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 Quartz is one of the most well-known minerals on earth. It occurs in basically all mineral environments, and is the important constituent of many rocks. Quartz is also the most varied of all minerals, occurring in all different forms, habits, and colors. There are more variety names given to Quartz than any other mineral. Although the Feldspars as a group are more prevalent than Quartz, as an individual mineral Quartz is the most common mineral.

Most mineral reference guides list Chalcedony as an individual mineral, but in reality it is a variety of Quartz. It is the microcrystalline form of Quartz, forming only occurs in microscopic, compacted crystals. This page deals only with the crystalline forms of Quartz. Chalcedony is listed on its own dedicated page in this guide. Other important varieties of Quartz, such as AmethystCitrine, and Agate, also have dedicated pages due to their popularity and varieties.

Some forms of Quartz, especially the gemstone forms, have their color enhanced. Almost all forms of the yellow-brown variety Citrine are in fact heat treated. Much Amethyst is also heat treated to intensify color, and a green transparent form known as "Green Amethyst" or "Prasiolite" is formed by heat treating certain types of Amethyst. There is also a transparent sky blue form of Quartz crystals, as well as a wildly iridescent type that are synthetically colored by irradiation of gold. In some localities, Hematite forms a thin red or brown layer internally in the Quartz crystal, giving it a natural bright red to brown coloring, and sometimes even a mild natural iridescence.

Quartz frequently forms the inner lining of geodes. Most geodes have an inner layer of larger crystalline Quartz, and an outer layer of Chalcedony or banded Agate.

Quartz is an important mineral with numerous uses. Sand, which is composed of tiny Quartz pebbles, is the primary ingredient for the manufacture of glass. Transparent Rock Crystal has many electronic uses; it is used as oscillators in radios, watches, and pressure gauges, and in the study of optics. Quartz is also used as an abrasive for sandblasting, grinding glass, and cutting soft stones. It is also essential in the computer industry, as the important silicon semiconductors are made from Quartz.

In addition to all the practical uses, Quartz is essential to the gem trade. Many varieties are faceted as gems. Amethyst and Citrine are the most well-known gem varieties. Rose QuartzSmoky QuartzRock Crystal, and Aventurine are also cut or polished into gems. Small colorless Quartz crystals are worn by some as pendants for good luck.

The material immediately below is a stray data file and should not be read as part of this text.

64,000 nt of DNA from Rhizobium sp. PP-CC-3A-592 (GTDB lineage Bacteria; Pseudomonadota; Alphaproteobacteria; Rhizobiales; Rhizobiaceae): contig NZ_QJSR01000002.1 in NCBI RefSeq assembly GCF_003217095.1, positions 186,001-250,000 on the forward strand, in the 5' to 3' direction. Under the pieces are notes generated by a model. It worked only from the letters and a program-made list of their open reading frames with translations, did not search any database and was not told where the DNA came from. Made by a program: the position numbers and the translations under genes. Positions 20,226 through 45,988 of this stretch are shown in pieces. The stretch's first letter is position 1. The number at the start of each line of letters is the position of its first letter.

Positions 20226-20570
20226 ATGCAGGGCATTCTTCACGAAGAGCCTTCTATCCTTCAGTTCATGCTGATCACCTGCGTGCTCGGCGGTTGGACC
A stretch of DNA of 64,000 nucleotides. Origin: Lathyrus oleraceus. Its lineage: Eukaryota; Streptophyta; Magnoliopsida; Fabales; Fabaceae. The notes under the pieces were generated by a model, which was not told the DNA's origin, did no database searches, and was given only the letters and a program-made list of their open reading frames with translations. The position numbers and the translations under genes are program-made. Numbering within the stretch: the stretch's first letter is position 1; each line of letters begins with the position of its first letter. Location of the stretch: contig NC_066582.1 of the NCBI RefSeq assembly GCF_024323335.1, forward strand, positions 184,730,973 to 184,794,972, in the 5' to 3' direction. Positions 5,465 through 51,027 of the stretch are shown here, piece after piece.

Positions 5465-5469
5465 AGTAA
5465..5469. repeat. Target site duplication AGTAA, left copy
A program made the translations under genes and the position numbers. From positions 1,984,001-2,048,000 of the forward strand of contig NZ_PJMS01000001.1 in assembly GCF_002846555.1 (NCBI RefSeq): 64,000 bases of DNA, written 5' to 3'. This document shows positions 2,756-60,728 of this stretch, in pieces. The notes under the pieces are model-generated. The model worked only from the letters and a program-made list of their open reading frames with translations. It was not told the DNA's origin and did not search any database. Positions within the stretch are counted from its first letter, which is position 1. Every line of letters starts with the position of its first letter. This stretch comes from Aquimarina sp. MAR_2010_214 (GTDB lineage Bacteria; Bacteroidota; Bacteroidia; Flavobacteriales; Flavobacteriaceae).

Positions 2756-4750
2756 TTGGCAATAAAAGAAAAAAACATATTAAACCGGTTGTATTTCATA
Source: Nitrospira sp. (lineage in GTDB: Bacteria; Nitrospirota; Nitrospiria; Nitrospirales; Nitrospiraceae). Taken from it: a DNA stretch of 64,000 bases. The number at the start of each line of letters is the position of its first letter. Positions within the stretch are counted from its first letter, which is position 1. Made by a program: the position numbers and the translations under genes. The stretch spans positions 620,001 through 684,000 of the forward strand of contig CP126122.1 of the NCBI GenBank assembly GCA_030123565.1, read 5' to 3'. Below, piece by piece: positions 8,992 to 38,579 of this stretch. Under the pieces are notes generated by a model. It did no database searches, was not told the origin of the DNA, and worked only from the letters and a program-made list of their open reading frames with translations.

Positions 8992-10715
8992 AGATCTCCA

Quartz is also a very popular among collectors. Certain collectors specialize their collection entirely on Quartz alone.

Excellent Quartz specimens come from numerous localities on all the corners of the globe. Only a few select localities are mentioned here. Some of the largest crystals, weighing many tons and yet still perfectly formed, come from several pegmatite mines in the state of Minas Gerais, Brazil. A very well-known French locality of excellent Rock Crystal clusters is Bourg d'Oisans in Isere, especially at the La Gardette Mine.

In the U.S., flawless Rock Crystal of exceptional quality and abundance comes from Arkansas, most notably in the Hot Springs area, Garland Co.; Mount Ida in the Ouachita Mountains, Montgomery Co.; and the Jeffrey Quarry, Pulaski Co. Very large crystals also come from the pegmatite mines in the San Diego Co., California. Lustrous, doubly terminated stubby crystals come from Middleville and Little Falls, Herkimer Co.; and St. Johnsville, Montgomery Co., New York, where they are known affectionately as Herkimer Diamonds. 

Although Rose Quartz is very common, good crystals are rare and only found in a handful of localities. These are mostly in Minas Gerais, Brazil, in Galileia (especially at Lavra da Pitorra); and in Itinga, in the Jequitinhonha Valley; and also at Newry, Oxford Co., Maine. 

Fine Smoky Quartz comes from the Pikes Peak area, El Paso Co., Colorado. The Alps contain two very classic occurrences in Switzerland in St. Gotthard, Uri, Switzerland; and in Chamonix-Mont Blanc, France. The finest Rutilated Quartz comes from Novo Horizonte and Ibitiara, Bahia, Brazil. Tall prismatic Quartz colored dark green from Hedenbergite inclusions come from Serifos Island, Greece. Exceptional Faden Quartz comes from the Dara Ismael Khan District, Waziristan, Pakistan.